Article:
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epirb gps data

Old 04-21-2003, 10:34 AM
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Default epirb gps data

there was an excellent post here 2 months ago about epirb features that i just re-read, but i have a question about the apparent time delay of gps location information for epirbs.

1) i've read that for the acr rapidfix (and it seems for the globalfix, also), that the data may be up to 20 minutes old because that's how often the unit refreshes position data. does this worry anyone that position data may be 20 minutes old? (running along at 20+ knots you would be almost 7 miles away from that position by the time the epirb actually activates)

2) it seems the pains wessex with internal gps takes 3 minutes to come on, but then it has the current position and broadcasts it. so which is more desirable, longer delay with more accurate position, or faster transmit with older data?
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Old 04-21-2003, 02:25 PM
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Default epirb gps data

I have been researching EPIRB's lately. I think that I previously read that same post and that it sort of implied something it did not mean to imply. Sorry, this is so long, but here is what the ACR web site says:

The RapidFixâ„¢ 406 and GlobalFixâ„¢ 406 are the next generation of 406 MHz EPIRB. Because they transmit your LAT/LON coordinates to SAR forces, they add a whole new dimension to the satellite-aided search and rescue system. The RapidFixâ„¢ 406 is connected to your onboard navigation electronics through an NMEA 0183 interface and provides a position fix within seconds of being activated. The GlobalFixâ„¢ 406 has an internal GPS receiver that initializes within minutes. Both save precious time when it matters most.

Both 406 MHz EPIRBs use GEOSAR satellites that are in geostationary high-earth orbit and can instantly relay emergency transmissions. With your location known from the moment the first signal is received–a matter of seconds with the RapidFix™ 406 or a matter of minutes with the GlobalFix™ 406–your signal can be quickly routed to the closest appropriate rescue agency.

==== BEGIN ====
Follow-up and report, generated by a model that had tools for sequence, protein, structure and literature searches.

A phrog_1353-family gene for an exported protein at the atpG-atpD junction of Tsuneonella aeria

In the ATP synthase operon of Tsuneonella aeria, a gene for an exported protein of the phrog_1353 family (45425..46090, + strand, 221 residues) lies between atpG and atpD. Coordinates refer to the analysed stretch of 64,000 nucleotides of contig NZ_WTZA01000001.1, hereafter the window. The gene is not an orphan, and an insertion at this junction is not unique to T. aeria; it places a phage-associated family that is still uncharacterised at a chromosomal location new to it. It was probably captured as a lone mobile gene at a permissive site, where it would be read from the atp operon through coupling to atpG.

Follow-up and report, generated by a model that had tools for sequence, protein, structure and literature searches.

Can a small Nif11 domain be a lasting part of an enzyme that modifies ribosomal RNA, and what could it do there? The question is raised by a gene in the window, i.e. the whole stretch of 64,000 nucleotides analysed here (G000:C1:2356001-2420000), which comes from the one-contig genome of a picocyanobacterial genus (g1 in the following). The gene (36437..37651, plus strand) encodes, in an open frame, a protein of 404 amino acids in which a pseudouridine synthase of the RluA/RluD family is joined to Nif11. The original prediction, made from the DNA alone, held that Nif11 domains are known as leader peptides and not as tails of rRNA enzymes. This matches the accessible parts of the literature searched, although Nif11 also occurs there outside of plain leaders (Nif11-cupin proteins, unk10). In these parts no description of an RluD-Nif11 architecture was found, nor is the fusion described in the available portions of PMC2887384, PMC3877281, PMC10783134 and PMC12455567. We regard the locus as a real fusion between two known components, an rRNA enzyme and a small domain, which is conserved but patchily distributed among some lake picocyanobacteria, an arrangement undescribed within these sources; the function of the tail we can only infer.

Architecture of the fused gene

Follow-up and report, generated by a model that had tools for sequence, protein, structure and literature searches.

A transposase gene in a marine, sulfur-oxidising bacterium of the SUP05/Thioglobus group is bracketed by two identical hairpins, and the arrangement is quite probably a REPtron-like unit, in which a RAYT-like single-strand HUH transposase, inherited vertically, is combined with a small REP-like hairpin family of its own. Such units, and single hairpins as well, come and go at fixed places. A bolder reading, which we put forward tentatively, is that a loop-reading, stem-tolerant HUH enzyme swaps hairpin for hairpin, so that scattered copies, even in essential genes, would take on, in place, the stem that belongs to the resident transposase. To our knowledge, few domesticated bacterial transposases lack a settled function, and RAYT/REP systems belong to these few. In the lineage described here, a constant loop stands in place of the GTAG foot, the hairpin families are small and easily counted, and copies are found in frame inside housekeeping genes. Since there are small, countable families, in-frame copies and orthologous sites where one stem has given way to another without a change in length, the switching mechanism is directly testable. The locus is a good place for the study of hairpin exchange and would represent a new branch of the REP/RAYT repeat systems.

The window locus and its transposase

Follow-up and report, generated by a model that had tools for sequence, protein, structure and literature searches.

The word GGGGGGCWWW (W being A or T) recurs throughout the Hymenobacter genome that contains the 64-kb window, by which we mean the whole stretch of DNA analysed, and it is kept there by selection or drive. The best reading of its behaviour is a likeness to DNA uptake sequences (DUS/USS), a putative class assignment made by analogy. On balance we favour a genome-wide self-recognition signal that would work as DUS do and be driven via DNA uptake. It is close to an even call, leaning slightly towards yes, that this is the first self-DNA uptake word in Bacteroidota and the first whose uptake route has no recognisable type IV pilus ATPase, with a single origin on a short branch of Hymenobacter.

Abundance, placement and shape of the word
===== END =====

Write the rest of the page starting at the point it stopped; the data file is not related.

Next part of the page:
A GPS-enabled EPIRB eliminates the waiting time required for the traditional low-earth orbiting LEOSAR satellites to obtain a fix. On average, the waiting time is about 46 minutes. Those extra minutes can be critical in saving lives, particularly in the case of a medical emergency or a rescue in frigid waters. In a recent test off the coast of Miami, a GPS-encoded signal was routed through GEOSAR and the USMCC to the appropriate SAR facility in less than 2 minutes. Rescue craft were launched within 10 minutes. Conceivably, in a near-shore situation, help could be on the scene in the time it previously took for a LEOSAR to obtain a fix. That's significant progress in the lifesaving process.

A Choice of Technologies

The RapidFixâ„¢ 406 connects to an active NMEA 0183 data source (your vessel's primary GPS), and updates its current position data every twenty minutes. You can initiate a self-test to confirm it has current position data. From the moment you turn your GPS on at the dock until you need the RapidFixâ„¢ 406 in an emergency, the RapidFixâ„¢ 406 is ready to transmit LAT/LON coordinates along with your UIN within seconds of activation. It is best to choose a mounting location in an area convenient for routing the interface cable. RapidFixâ„¢ 406 can be used with a hand-held GPS.